On the Move

A High-Tech Backpacker’s New Best Friend

While some people can manage to turn off their phone when heading out for the weekend on their next adventure, it seems a near impossible task for most. Whether it’s making use of favorite travel apps, listening to some music, or just using the camera, if your trip is more than a day you might need to recharge. Sure, external battery packs are available (and extremely handy), but you will need to find an energy source once those are dead. So what is the solution?

Being a knowmad at heart tends to lead to a lot of wandering, often with no destination in mind. And while charging one’s phone has become nearly religious for most, there are hundreds if not thousands of times when traveling that finding a place to plug in becomes an annoyance like no other. It comes down to the decision to either let one’s phone go dead, or waste time guerrilla-jacking some electricity from a public bathroom, café, or michinoeki. If you are hitchhiking and have the right adapter, it doesn’t hurt to ask the driver for some juice. But what if you are already off the beaten path—better yet—on the trail enjoying the view and snapping pics like it’s your job? What then?

Well, if you don’t already own one, definitely look into getting a solar powered battery charger. Most of the good ones attach snuggly right on to your pack and are perfect for an on-the-move lifestyle. Whether it’s cycling, hiking or being out on the water that floats your kayak, these bad boys are a must once off the grid.

The most recent models are a lot more user-friendly than in the past, where using them required multiple adapters and often their amperage was too low for certain devices. Not so with the latest ones which often have a USB port (or better yet, two) and have the capacity of charging iPads, music players and just about anything with a USB cable for charging.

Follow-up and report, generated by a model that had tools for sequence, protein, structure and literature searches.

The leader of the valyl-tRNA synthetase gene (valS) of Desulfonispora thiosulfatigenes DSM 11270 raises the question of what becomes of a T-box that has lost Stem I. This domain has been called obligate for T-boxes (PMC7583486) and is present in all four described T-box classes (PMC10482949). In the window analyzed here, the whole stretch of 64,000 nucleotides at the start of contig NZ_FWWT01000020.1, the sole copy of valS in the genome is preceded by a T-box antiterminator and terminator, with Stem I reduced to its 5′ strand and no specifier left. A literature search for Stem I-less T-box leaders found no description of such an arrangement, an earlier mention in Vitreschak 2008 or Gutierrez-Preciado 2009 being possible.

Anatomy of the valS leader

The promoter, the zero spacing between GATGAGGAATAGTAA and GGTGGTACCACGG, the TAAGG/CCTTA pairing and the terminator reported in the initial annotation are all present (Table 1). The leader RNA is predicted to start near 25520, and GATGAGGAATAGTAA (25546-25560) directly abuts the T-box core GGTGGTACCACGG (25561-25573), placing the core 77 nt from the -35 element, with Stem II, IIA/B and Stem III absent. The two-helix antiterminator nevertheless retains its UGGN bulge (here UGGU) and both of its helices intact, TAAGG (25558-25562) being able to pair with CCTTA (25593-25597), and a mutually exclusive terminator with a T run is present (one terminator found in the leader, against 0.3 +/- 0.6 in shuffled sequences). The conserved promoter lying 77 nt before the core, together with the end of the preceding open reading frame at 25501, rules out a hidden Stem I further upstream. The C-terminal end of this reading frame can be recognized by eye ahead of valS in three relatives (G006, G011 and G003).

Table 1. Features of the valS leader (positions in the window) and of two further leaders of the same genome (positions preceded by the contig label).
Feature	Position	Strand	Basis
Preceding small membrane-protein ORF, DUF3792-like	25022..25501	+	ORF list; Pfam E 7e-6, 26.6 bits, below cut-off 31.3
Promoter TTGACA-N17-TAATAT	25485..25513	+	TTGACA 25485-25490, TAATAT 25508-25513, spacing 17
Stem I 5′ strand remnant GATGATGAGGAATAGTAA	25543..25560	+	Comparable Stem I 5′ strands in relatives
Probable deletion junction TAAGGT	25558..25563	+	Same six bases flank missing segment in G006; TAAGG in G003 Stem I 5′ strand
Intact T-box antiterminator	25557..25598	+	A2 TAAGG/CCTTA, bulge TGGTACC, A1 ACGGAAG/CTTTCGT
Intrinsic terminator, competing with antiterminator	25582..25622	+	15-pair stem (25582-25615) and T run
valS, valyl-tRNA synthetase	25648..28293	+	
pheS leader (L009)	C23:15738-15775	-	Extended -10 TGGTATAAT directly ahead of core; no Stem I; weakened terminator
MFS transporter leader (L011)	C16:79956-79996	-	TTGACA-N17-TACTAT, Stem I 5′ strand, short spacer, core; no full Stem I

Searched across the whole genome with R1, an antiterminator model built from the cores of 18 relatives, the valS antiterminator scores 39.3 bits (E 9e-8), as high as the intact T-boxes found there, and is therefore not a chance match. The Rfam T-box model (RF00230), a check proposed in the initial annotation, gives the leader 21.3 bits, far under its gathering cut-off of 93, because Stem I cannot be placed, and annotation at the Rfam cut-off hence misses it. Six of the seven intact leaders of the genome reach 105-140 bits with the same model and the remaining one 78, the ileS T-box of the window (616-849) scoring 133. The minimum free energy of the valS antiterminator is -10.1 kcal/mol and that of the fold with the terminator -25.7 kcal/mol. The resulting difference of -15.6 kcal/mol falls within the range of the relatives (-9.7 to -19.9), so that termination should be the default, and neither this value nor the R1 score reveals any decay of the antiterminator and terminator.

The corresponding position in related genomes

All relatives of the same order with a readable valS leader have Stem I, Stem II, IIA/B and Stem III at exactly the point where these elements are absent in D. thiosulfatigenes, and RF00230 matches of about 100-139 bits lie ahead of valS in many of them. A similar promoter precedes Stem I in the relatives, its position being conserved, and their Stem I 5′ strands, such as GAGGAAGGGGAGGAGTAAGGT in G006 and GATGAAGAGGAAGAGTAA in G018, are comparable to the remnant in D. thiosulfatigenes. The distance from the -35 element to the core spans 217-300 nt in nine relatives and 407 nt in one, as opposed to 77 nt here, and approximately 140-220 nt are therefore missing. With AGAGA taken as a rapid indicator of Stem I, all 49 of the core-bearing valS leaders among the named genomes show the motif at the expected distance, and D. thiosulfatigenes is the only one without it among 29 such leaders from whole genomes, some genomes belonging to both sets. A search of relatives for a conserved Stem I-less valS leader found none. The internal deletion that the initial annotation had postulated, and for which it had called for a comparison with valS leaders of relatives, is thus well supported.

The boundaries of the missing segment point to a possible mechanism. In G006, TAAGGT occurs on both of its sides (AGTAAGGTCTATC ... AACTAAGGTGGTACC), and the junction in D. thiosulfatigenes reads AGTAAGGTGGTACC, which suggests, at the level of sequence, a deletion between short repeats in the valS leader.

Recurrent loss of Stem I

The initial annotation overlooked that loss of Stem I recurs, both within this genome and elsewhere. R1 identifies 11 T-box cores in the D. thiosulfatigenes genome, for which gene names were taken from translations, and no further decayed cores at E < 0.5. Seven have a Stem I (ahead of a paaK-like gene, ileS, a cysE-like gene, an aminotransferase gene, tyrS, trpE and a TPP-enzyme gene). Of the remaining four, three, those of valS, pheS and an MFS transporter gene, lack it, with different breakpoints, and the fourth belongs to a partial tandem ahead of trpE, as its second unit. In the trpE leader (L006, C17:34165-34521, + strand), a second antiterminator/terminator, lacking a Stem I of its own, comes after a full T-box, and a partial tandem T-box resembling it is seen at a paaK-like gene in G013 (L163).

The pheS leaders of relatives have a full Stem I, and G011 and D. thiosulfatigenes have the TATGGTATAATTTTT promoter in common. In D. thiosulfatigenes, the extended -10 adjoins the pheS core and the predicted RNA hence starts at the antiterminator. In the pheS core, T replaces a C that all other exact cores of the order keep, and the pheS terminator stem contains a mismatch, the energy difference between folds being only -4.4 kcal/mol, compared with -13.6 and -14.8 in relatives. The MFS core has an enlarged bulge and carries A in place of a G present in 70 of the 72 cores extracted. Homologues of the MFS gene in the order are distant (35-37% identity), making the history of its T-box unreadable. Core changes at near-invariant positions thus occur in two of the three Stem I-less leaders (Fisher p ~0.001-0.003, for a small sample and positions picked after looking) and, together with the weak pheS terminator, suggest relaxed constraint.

There are two basic forms of devices out there that use different technology for their panels. If you want something durable and a bit more rugged, go for the monocrystalline panels. They are going to most likely be a bit heavier but recent models have become more portable than in the past, therefore making them the more popular choice in the last couple of years. However, if weight is an issue, look for the ultra-lightweight models made with flexible CIGS panels. They tend to be cheaper, but obviously not as durable.

Again, when considering solar—especially for longer trips—the keyword here is renewable power source. This is also important if travelling in areas that have frequent power outages or otherwise unreliable power access (think youth hostels/budget guesthouses in more remote regions of China or around SE Asia). Battery packs alone often end up as dead weight to carry around once they have been drained. BUT…when combined with the use of a (compatible) solar charger, bringing along a battery pack makes a lot more sense.

There are quite a few solar power models out there and with most things, at least to a certain extent, you usually get what you pay for. With that in mind, here are a handful of recommendations to check out:

Poweradd Apollo 2  (compact monocrystalline panel)